My goal here is to go step by step, to see each piece fit together. People more experienced with client/server programming concepts may want to skim a little. You can also download the test code created here as files at the bottom of the post.
As a sanity check, make sure node is installed and in your path by typing
You should see something like
Now we're ready to write some code. Let's start with the server. Navigate to the directory you want to test out of, and make a file called server_test.js for your test server:
Open this file in your favorite text editor. Start by defining some variables at the top:
We're only including the bare essentials here, enough to start our server, receive requests, and use socket.io (we won't even use socket.io yet, but we'll get to that soon). Now let's define the server
Ok, check out the block of code. We are creating an http server object by instantiating that server variable we defined above using the http library. We are then defining its behavior by parsing any urls it receives and throwing the path of the url into a switch/case statement. Notice that we could define this behavior based on anything we wanted, not necessarily the url path. Here we have just defined a case for path '/', so our server will only respond to requests to the root path. For these requests, it will send "Hello!" back to the client. For all requests to other paths, we have defined the send404 function, which will return 404 to the client. We will add more path handling as we go on.
Finally, we have told our server to listen on port 8080. Now, fire up the server!
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You won't see any output in the server terminal window, but the server is now running. Bring up a second terminal window to issue some requests to test the server. In a second command window, send a root request to the server with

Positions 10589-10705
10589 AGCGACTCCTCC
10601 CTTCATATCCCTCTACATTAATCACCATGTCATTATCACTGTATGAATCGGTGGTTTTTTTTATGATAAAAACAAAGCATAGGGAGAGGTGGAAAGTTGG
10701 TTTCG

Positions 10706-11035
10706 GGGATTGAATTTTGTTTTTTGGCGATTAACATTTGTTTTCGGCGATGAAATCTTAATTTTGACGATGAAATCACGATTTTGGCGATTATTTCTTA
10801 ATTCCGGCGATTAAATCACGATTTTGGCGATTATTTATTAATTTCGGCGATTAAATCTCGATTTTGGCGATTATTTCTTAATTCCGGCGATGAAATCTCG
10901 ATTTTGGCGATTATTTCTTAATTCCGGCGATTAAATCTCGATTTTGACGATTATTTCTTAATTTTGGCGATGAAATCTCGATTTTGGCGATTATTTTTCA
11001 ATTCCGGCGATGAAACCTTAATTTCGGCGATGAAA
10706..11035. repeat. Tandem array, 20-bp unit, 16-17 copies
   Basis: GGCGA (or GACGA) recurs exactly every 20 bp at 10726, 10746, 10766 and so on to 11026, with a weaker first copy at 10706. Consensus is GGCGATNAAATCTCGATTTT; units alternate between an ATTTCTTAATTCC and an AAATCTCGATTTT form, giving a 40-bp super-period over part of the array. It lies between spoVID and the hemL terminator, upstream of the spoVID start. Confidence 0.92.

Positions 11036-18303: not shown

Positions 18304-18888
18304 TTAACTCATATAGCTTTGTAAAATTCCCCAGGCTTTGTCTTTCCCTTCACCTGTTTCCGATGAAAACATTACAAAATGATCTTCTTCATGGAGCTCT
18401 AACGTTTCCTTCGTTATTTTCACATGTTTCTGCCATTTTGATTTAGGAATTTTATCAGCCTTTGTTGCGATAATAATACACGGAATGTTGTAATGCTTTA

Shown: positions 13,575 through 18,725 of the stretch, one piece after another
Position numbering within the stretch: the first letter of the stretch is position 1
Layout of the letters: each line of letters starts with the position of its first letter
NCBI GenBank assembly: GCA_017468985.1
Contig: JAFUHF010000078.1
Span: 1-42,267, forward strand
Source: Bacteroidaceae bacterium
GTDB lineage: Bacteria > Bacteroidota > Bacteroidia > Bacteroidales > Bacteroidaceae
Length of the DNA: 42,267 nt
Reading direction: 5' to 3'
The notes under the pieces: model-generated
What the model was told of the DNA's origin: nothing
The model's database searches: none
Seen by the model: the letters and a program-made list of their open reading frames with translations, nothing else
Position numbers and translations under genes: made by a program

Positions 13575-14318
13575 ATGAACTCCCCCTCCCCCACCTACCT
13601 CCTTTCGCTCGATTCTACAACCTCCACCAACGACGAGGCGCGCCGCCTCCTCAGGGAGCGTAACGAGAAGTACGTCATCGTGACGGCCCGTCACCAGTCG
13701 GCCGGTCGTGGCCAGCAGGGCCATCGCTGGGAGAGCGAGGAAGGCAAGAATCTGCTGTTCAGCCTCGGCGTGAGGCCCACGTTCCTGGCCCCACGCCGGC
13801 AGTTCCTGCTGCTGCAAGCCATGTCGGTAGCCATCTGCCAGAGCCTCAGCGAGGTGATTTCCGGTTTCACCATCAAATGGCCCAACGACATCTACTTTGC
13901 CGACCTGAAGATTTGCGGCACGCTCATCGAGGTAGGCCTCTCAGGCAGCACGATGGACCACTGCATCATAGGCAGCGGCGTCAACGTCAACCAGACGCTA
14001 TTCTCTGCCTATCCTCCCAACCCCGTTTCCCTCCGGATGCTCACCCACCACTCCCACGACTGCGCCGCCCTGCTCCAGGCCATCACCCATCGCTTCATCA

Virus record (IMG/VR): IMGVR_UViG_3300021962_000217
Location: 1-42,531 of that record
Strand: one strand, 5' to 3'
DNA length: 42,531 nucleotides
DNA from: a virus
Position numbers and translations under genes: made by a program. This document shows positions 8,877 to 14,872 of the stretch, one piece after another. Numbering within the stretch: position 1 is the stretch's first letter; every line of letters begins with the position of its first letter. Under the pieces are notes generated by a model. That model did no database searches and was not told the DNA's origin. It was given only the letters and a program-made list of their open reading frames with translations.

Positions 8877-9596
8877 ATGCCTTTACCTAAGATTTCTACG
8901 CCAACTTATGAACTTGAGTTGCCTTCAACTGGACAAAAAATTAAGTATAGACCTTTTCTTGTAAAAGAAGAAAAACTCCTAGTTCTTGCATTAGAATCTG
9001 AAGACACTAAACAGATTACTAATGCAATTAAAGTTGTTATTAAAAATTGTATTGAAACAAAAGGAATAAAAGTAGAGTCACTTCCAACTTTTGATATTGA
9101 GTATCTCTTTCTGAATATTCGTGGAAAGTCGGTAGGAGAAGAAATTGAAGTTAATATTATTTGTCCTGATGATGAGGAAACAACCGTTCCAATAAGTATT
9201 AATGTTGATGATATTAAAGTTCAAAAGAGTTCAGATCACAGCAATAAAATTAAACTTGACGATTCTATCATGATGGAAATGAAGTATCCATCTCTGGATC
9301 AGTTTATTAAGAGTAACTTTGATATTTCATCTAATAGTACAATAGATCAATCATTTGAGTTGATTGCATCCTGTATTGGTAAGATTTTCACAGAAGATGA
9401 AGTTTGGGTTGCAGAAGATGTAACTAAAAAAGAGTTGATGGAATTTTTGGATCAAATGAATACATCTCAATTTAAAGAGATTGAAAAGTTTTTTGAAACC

You should get a response similar to:
I'm using this snazzy blue terminal window for client-side commands, and sticking with green-on-black window for server output. Now we know our server can respond. Huzzah! Celebrate as necessary, and then its time to move on to bigger and better things. This server doesn't do much, and our client is just a command line. Let's start by adding some functionality to our server, courtesy of socket.io.
We've added quite a few things here, let's take stock. First, I've required the fs library, to access to some file I/O functions. I've also changed the response values to html, since this is an http server, after all. I've also created a path for a socket-io-test.html page, which I'll create next, and put a link to that page in the response for the root path.
Most importantly, I've added some socket.io code, which you can see at the bottom of the page. First, we tell socket.io to listen to our server object. Now it has access to all traffic coming over that server, and can perform tasks based on it. Then I just tell socket.io what to do for the various events it will encounter: 'connection', 'message', and 'disconnect'. In this case, I'm just going to have it send some output to the console logs that we can follow. Clean and simple, right? That's the beauty of socket.io. Now I have to write that client socket-io-test.html page I've lead everyone to believe exists. Ok, I can man up. Here goes:
Since we are using localhost, we pass in null for the host parameter. We could also pass in 'localhost' to achieve the same effect. We then define behaviors of the socket object using
Open up a browser and go to http://localhost:8080. You will see
Theres the link we added to the root path server response of the server - click it to go to the socket.io test page we just finished. You should see:
Now click the Connect button. You will see "Waiting for input" change to "Connected", meaning our socket.on('connect') function was invoked. Go back to the server terminal window: